The Oppo N1 was a bit hit and miss: its gigantic frame and unconventional swiveling camera were interesting, but it turned more heads thanks to a special edition that came with the CyanogenMod ROM pre-installed. In David Ruddock's review, he praised the screen and build quality, but had to take away points for the gimmicky rear touchpad, latency, and lack of LTE. We've been interested to see what Oppo would show off next, and GSM Arena seems to think they have a sneak peek at exactly that.
If you can't beat 'em, diversify your consumer electronics portfolio until your company no longer relies exclusively on a single market. While that doesn't exactly roll off the tongue, it may indeed be HTC's new corporate strategy, if the latest report from Bloomberg is accurate. According to "a person familiar with [HTC's] plans," the Taiwanese phone maker is planning on showing off a stand-alone camera during its October 8th press event in New York City.
The last we heard of an HTC smartwatch, it was a replica of a rumor, a render of a render posted by the now-retired Evleaks. Then Pocket-Lint reported that HTC had scrapped plans for a Qualcomm Toq-based watch, according to "sources familiar with the matter." If all that wasn't nebulous enough for you, now Cnet says that HTC's watch is coming back, scheduled for a release sometime next year.
For years now, we've been drooling over Sony's high-end hardware and gorgeous industrial design, only to be bummed since the phones rarely come to the United States. Sony and T-Mobile have a pretty good relationship, as evidenced by yesterday's announcement that the new Xperia Z3 would launch on the carrier in the US. But according to a recent post from PC Mag, Verizon may be getting some Sony phone hardware for the first time in years.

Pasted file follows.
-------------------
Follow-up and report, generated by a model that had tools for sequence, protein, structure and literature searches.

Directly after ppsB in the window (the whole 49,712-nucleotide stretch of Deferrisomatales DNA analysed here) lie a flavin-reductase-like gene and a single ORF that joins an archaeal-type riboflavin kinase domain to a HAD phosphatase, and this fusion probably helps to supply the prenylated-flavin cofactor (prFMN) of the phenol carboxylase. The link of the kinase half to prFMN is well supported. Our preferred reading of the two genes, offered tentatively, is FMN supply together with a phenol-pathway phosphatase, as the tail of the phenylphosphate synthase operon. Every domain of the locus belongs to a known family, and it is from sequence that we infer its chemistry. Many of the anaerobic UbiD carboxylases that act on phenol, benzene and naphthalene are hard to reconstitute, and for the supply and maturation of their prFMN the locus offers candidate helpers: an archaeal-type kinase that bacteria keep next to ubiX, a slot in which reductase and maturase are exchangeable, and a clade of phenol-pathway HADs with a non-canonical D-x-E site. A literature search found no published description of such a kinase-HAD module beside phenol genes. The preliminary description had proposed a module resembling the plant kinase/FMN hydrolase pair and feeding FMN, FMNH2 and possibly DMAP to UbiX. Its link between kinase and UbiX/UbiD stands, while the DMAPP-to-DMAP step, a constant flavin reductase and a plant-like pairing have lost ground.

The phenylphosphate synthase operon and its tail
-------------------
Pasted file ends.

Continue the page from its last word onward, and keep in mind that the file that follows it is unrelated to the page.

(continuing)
We've heard rumor after rumor of Samsung's virtual reality headset in recent weeks, and according to the Verge the manufacturer is (as previous rumors suggested) set to unveil the device (codenamed Project Moonlight) at its upcoming Unpacked event in Berlin and New York, where Samsung is also expected to announce the Galaxy Note 4. What's more, the Verge has what appears to be a photo of the headset, next to a Samsung phone and Bluetooth controller.
When we first wrote about Quantum Paper (the internal name for the material in Material Design), we noted that Google was anticipating a series of updates to its own apps between the introduction and completion of the new design direction - updates which would bring the apps a bit closer to the new design style in a progressive fashion, so that the apps wouldn't undergo fundamental transformations overnight.
In the run-up to I/O (starting all the way back in March), we posted a relatively large number of leaks and rumors based on information that was provided to us about some of Google's plans. It's easy to lose track of all the rumors, and just how accurate they turned out (or didn't turn out) to be, so we thought it would be helpful to do a quick recap of the pre-I/O rumors now that the dust has settled.
A rumor started flying earlier this week that OnePlus, makers of the crowd-pleasing but hard-to-find OnePlus One, would be introducing a tablet at some point. The "OnePlus Tab" appeared in an alleged screenshot of the OnePlus site, suggesting that a tablet was at least being developed. We reached out to OnePlus for comment on the rumor. Here's what they had to say:
There have been rumors recently that LG's G Watch might be the focus of Google I/O's Android Wear discussion, with the nascent device possibly being handed out to attendees. Whether Moto's watch, the Moto 360, would make an appearance has remained unclear. Until today though, those were the only two Android Wear devices even rumored for I/O cameos.
Cnet has reported, however, that Samsung will (according to sources) be throwing its hat into the Android Wear ring at I/O as well, debuting an Android Wear smartwatch of its own.
Mobile rumor master Evleaks is at it again, showing off what appears to be a press render of the Samsung "Galaxy F." The photo shows a phone that looks very much like a slightly larger Galaxy S5 with a metal (or at least metal-looking) rear cover, in a "perfect golden" white-on-gold color scheme. The pulse oximeter beneath the rear camera indicates that this is a high-end Samsung phone, possibly a premium alternative to the Galaxy S5 or a replacement for the next Galaxy Note.